What I wish I had known before becoming a lawyer

As we head towards end of year exam time and the next generation are pondering careers, we took a moment to chat to some of our team of in-house lawyers at Arbor Law, to find out what they wish they had known before pursuing a career in law.

What I wish I had known before becoming a lawyer

That being a lawyer is not the same as what you see on TV!

Planning which career to pursue as a young person has very little to do with the reality of day-to-day work and much more to do with the impression of what you think a job might be like – often an impression formed from films, books or family friends.

There are many positive aspects to being a lawyer but there are also many parts of the job that young aspiring lawyers-to-be are not prepared for and, in this case, forewarned is definitely forearmed! It’s not like Suits!

What were you not prepared for when you first started working as a lawyer?

I don’t think you realise how well rounded you need to be in order to succeed as a lawyer.

When you’re training you concentrate on academic success and understanding legal technicalities, but in the real world with clients and urgent deadlines it’s often more important to be able to handle different personalities and manage expectations.

I always remember a very honest colleague saying ‘I seem to get included on every pitch for new work. I’m not actually an amazing technical lawyer but clients seem to like me so I’m in demand!’.

What do you find most challenging about being a lawyer?

It is hard to achieve a healthy work life balance sometimes when you work with clients, or in a busy in-house role where the business expects you to be on call at all times.

It’s a privilege to be considered a trusted adviser but equally you do have to know when to draw the line and protect your personal time outside of work. It can take quite a lot of confidence to say you won’t be joining a call or attending a meeting if you’ve got used to feeling indispensable but you risk burning out if you never stand up for your downtime.

As a lawyer, you can occasionally be asked to give your opinion about something that doesn’t really feel like a legal question, which can be tricky. Judgement calls about something that might affect the reputation of the business you are advising aren’t always black and white yet you are often expected to somehow know the ‘right’ answer.

What support do you think is essential for a lawyer?

You need your network both within work and outside of the business in order to retain perspective and stop yourself from operating in an echo chamber. Many lawyers can fall into the trap of believing there is only one way to approach an issue – your way – and don’t take time to listen to other opinions or suggestions.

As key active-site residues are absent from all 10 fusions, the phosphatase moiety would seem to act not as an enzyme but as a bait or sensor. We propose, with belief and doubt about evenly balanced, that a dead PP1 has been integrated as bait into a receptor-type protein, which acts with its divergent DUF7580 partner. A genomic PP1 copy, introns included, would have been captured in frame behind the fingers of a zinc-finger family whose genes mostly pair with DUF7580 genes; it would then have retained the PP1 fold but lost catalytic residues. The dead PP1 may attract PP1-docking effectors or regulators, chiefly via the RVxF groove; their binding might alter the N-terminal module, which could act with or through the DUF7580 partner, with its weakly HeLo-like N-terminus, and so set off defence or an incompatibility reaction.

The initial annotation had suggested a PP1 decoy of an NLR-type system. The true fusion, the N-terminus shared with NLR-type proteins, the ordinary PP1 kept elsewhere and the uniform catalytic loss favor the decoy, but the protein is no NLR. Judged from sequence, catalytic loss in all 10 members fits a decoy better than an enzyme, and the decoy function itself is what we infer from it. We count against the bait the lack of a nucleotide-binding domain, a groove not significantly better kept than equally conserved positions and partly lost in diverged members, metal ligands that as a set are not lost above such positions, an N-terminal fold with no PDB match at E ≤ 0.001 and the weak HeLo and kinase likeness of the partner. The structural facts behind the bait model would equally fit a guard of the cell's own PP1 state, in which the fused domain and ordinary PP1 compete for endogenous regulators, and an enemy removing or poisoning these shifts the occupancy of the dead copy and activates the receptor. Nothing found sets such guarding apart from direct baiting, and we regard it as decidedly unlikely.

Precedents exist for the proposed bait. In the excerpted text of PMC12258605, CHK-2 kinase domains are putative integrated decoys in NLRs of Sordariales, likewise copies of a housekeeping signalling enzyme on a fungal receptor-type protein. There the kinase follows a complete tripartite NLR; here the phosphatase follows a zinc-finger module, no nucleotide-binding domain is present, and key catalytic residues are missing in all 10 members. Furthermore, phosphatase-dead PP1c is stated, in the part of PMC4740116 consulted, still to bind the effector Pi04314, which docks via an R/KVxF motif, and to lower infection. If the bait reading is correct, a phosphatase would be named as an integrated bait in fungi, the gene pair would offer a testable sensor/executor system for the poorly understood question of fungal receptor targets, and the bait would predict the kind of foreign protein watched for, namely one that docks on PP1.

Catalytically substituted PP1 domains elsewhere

Your network is also essential to provide advice and sympathy when things haven’t gone well. They can help by sharing similar examples of tough times and how they got through the situation – you can guarantee if it’s happened to you, it’ll have happened to someone in your network too. It’s okay to be a bit vulnerable sometimes and admit you’ve made a mistake with people who feel like a safe space.

What do you think will be the biggest issues for the lawyers of the future?

Technology is disrupting and changing the legal landscape continually at the moment. The pandemic saw some technology take giant leaps forward because of the need to be virtual. We’re a long way off lawyers being replaced by AI, but those who will really win are those who learn to use AI to provide better legal services.

The key is  remaining flexible and open to new technologies throughout your career. It’s the early adopters of technology that will reap the benefits and clients want to see their lawyers embracing systems that will save them time and money – they can see it adds value for them.

What other tips would you give someone considering law as a career?

Just come into it with your eyes open about the pressure that you might sometimes be under and all of the other things you have to fit into your day. As well as the ‘lawyering’ you also need to fit in your administration, your billing, your marketing and business development amongst other parts of the day job.

If you’re self employed or working with a platform like Arbor you can retain your independence but still enjoy strong support around you.